Serum surfactant protein D is increased in acute and chronic inflammation in mice


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Abstract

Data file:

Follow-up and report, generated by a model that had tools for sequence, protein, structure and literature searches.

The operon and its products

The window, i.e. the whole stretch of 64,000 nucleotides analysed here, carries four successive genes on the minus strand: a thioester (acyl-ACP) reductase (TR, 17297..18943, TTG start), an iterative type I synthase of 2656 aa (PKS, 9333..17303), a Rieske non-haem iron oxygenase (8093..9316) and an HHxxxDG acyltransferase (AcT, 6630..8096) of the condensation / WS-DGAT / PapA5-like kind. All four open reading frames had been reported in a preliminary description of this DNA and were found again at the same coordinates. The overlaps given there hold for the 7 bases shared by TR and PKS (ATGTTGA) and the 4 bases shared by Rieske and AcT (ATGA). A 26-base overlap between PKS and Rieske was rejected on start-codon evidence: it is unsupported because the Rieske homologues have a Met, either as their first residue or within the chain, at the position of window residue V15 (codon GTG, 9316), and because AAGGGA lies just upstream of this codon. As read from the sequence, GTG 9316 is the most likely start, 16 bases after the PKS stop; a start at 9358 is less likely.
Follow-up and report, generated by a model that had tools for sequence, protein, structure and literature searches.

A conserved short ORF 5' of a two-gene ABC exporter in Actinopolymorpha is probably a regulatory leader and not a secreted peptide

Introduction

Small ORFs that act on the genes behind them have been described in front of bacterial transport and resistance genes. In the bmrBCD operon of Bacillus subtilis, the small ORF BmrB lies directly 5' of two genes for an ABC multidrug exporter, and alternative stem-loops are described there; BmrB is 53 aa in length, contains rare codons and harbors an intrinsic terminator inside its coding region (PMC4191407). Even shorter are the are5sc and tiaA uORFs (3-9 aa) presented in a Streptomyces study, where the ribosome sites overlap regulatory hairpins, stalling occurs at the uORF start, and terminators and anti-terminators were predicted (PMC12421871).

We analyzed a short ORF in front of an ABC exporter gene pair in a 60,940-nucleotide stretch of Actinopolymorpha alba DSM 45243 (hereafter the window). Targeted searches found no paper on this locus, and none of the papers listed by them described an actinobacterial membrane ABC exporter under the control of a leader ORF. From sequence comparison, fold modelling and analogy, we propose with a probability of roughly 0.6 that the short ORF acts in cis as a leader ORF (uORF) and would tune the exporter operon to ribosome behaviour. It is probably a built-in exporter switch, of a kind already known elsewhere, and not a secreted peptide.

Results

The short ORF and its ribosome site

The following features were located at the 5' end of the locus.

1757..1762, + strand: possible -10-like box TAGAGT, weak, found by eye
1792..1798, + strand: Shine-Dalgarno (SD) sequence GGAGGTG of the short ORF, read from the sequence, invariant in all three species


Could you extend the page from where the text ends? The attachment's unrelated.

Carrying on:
Surfactant protein A (SP-A) and surfactant protein D (SP-D) are important components of innate immunity that can modify the inflammatory response. However, alterations and regulation of SP-A and SP-D in acute and chronic inflammation are not well defined. In addition, serum SP-D may serve as a biomarker of lung inflammation.We determined the expression of SP-A and SP-D in murine models. To study acute inflammation, we instilled bleomycin intrabronchially. To study chronic lung inflammation, we used a transgenic mouse that overexpresses tumor necrosis factor (TNF)-α under the control of the SP-C promoter. These mice have a chronic mononuclear cell infiltration, airspace enlargement, pulmonary hypertension, and focal pulmonary fibrosis.In acute inflammation model, levels of mRNA for all surfactant proteins were reduced after bleomycin administration. However, serum SP-D was increased from days 7 to 28 after instillation. In chronic inflammation model, SP-D mRNA expression was increased, whereas the expression of SP-A, SP-B and SP-C was reduced. Both serum and lung SP-D concentrations were increased in chronic lung inflammation.These data clarified profile of SP-A and SP-D in acute and chronic inflammation and indicated that serum SP-D can serve as a biomarker of lung inflammation in both acute and chronic lung injury in mice.

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